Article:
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Rawhide (1951)

Kino // Unrated // August 2, 2016
List Price: $29.95 [Buy now and save at Amazon]

Review by Justin Remer | posted August 1, 2016 | E-mail the Author

The Movie:

No, not the beloved TV show with the even more beloved theme song. The Rawhide we're discussing today is the 1951 flick, starring Tyrone Power and Susan Hayward, and directed by Henry Hathaway. It's a western hostage drama -- think The Desperate Hours with cowboy boots -- that features across-the-board enjoyable performances and nailbiting suspense.

The "Rawhide" of the title is the name of the stagecoach station where almost all of the movie's action takes place. Feisty female Vinnie Holt (Hayward) is forced to leave the coach in which she was riding and stay over at the Rawhide station, after news spreads of four escaped convicts robbing coaches in the area. Vinnie resists, but with a baby girl in tow (her niece), the stagecoach drivers won't take her any further, just to be safe. Vinnie gets little hospitality from Tom Owens (Power), the greenhorn son of a stagecoach company bigwig who is learning the business and who resents Vinnie's stopover about as much as she does.

Things take a predictably ironic turn when the four convicts in question show up at Rawhide and take everybody hostage. Hugh Marlowe plays Rafe Zimmerman, the handsome, level-headed brains of the operation, while perpetual western heavy Jack Elam plays the downright evil Tevis. George Tobias and Dean Jagger play their sympathetic, somewhat simple escape-mates. The four-some are looking to hijack the gold off of a stagecoach due to come through the station the next morning, and they need Tom to act like everything is hunky-dory at the station until their stage arrives. Zimmerman assumes that Vinnie is Tom's wife, and they decide to keep up the ruse so that she and the baby aren't killed -- or handed over to leering Tevis. Tom and Vinnie concoct different schemes to get away from the would-be robbers -- trying to slip a note to a driver passing through, trying to dig a hole through their bedroom/cell wall before morning -- but circumstances inevitably thwart those plans and set the table for a big showdown in the morning between all these clashing personalities.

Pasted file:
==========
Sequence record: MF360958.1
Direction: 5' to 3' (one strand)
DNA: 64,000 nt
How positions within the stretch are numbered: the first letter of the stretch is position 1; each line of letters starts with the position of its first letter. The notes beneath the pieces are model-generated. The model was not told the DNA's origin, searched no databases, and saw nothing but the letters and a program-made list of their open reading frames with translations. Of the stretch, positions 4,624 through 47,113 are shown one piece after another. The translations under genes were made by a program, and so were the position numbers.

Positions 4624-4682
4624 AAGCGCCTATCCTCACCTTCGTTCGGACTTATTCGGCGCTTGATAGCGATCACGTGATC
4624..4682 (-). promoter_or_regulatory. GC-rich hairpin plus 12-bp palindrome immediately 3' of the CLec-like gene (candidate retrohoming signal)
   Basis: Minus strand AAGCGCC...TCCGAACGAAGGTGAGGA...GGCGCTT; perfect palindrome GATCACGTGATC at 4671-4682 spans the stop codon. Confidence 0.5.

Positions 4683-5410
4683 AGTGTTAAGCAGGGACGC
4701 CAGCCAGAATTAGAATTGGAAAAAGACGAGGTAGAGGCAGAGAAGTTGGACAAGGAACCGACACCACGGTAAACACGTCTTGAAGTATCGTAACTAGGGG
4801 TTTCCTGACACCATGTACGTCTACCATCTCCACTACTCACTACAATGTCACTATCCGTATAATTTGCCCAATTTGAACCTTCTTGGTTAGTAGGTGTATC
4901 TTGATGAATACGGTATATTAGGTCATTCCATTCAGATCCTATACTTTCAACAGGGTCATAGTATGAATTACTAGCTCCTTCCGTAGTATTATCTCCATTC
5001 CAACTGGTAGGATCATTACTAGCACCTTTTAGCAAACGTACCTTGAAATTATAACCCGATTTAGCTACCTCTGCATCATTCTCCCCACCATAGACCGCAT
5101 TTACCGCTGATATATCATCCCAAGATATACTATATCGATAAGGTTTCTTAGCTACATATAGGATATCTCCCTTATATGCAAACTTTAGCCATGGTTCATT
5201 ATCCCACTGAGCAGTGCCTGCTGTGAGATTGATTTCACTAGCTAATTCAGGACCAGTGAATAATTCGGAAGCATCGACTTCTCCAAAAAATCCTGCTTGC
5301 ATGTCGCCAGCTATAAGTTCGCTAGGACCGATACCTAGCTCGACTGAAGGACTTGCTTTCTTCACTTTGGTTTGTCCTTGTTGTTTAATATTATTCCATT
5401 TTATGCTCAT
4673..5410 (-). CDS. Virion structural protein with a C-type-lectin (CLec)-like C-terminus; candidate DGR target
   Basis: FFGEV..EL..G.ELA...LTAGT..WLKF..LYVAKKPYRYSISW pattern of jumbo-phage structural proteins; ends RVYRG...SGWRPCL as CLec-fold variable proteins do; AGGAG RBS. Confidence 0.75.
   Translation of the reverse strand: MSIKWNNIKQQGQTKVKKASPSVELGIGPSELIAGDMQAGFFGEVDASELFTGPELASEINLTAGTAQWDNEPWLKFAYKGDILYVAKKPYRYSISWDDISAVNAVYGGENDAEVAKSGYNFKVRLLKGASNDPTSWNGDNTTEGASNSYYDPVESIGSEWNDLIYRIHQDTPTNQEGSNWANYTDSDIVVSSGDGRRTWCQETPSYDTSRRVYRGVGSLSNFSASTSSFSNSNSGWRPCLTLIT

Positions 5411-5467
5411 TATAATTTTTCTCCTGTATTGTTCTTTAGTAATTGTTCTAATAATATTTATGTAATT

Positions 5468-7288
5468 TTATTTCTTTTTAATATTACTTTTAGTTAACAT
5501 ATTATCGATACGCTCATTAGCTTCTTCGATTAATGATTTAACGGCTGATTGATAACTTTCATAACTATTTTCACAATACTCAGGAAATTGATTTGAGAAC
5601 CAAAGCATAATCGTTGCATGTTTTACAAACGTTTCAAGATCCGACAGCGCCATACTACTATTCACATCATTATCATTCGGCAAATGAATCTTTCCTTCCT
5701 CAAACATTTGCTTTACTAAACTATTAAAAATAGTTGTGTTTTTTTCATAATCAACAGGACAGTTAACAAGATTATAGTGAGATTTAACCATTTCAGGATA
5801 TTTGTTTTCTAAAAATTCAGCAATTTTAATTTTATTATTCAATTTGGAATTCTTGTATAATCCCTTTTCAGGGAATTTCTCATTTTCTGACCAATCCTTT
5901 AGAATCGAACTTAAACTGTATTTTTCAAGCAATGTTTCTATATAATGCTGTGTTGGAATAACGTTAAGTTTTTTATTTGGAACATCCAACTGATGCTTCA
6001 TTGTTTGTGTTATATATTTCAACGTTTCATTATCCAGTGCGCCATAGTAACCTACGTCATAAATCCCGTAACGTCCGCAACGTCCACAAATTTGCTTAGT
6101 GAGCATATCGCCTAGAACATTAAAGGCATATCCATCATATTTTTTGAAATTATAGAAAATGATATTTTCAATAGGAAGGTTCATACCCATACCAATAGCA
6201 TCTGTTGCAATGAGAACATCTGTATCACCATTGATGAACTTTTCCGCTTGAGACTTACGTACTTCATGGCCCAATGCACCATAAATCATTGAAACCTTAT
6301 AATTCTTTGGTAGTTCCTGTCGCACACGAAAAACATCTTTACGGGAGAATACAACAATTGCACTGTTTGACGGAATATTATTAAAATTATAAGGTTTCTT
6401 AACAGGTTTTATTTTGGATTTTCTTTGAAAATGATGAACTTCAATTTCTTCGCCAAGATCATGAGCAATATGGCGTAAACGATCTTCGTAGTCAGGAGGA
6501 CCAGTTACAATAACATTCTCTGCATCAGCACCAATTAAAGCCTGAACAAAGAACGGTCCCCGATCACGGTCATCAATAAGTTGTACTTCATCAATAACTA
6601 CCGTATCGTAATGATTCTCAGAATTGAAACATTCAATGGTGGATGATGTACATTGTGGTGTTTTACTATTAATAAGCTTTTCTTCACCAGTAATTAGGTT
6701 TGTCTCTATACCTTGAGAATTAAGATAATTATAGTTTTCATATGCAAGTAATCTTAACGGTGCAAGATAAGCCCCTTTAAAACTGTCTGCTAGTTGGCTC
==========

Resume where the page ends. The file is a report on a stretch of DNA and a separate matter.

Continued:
Even if the shape of the story is relatively predictable, the script by Dudley Nichols (Stagecoach) is full of enough clever incident and unexpected character development that one never gets the feeling that the storytellers are just marking time. It also helps that Henry Hathaway stages every scene for maximum impact, stylistically placing Rawhide closer to a hard-boiled crime picture than a typical oater. The moment where Jack Elam's baddie uses the helpless baby girl for target practice is one of the most harrowing sequences that has been committed to film.

Rawhide is the kind of film that is well-liked among the select folks who have seen it but is not often spoken about. Well, it deserves better. If you haven't seen it, see it. If you have, see it again and spread the word.

The Blu-ray

The Video:
Considering the inclusion of a 2007 restoration comparison on the disc (see below), one is left to assume that the master for this AVC-encoded 1080p 1.33:1 transfer is nearly a decade old. If that's true, it looks very strong nonetheless. For the most part, there is crisp detail and nuanced contrast. A little bit of dirt and speckling here and there, plus a pesky hair in the upper right corner of the frame during reels one and five (although I was so sucked into the story that I didn't notice the reappearance of the hair until reel five was almost over). Based on the screencaps over at DVD Beaver, it looks like the hair was there in the Fox DVD release as well (another reason to assume this master is from '07).

The Audio:
There's quiet tape hiss throughout the DTS-HD MA 2.0 mono audio provided, but it registers more as a subconscious indicator of "vintage-ness" than as a distracting flaw. Otherwise, the track is good, with realistic ambience, clear dialogue recording, and plenty of room for Sol Kaplan's musical score. No subtitles.

Special Features:
These are all carried over from Rawhide's original DVD release in the Fox Western Classics 3-pack.

  • Susan Hayward: Hollywood's Straight Shooter (6:49) - This is the same featurette that got plunked onto Twilight Time's Garden of Evil BD, but considering the numerous references to Hayward's fiery approach to her Rawhide character, it certainly makes better sense showing up here.

  • Shoot It In Lone Pine! (12:38) - An interesting profile of this popular shooting location for films, especially Westerns, that has been used by Hollywood ever since the silent era. Although the Rawhide Station set is long gone, we are shown the locations of various moments from the film in their current state. This featurette has some pretty serious spoilers, so definitely hold off until after you've watched the film.

  • Restoration Comparison (2:12) - To be honest, it's hard to notice too much of a dramatic difference between the "before" and "after" sides of this featurette's split screen, which leads one to assume that Fox kept the elements for this picture in pretty good shape.

  • Trailers - for this film, as well as Yellow Sky, The Ox-Bow Incident, and Man of the West.

Final Thoughts:
A great cast, a smart script, and unexpectedly gritty direction make this western an atypical treat. Highly Recommended.

Justin Remer is a filmmaker, oddball musician, and frequent wearer of beards. His new single, Don't Depend on Me, is now available to stream or download on Bandcamp, Spotify, Amazon, Apple, and wherever else fine music is enjoyed.

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C O N T E N T

V I D E O

A U D I O

E X T R A S

R E P L A Y

A D V I C E
Highly Recommended

E - M A I L
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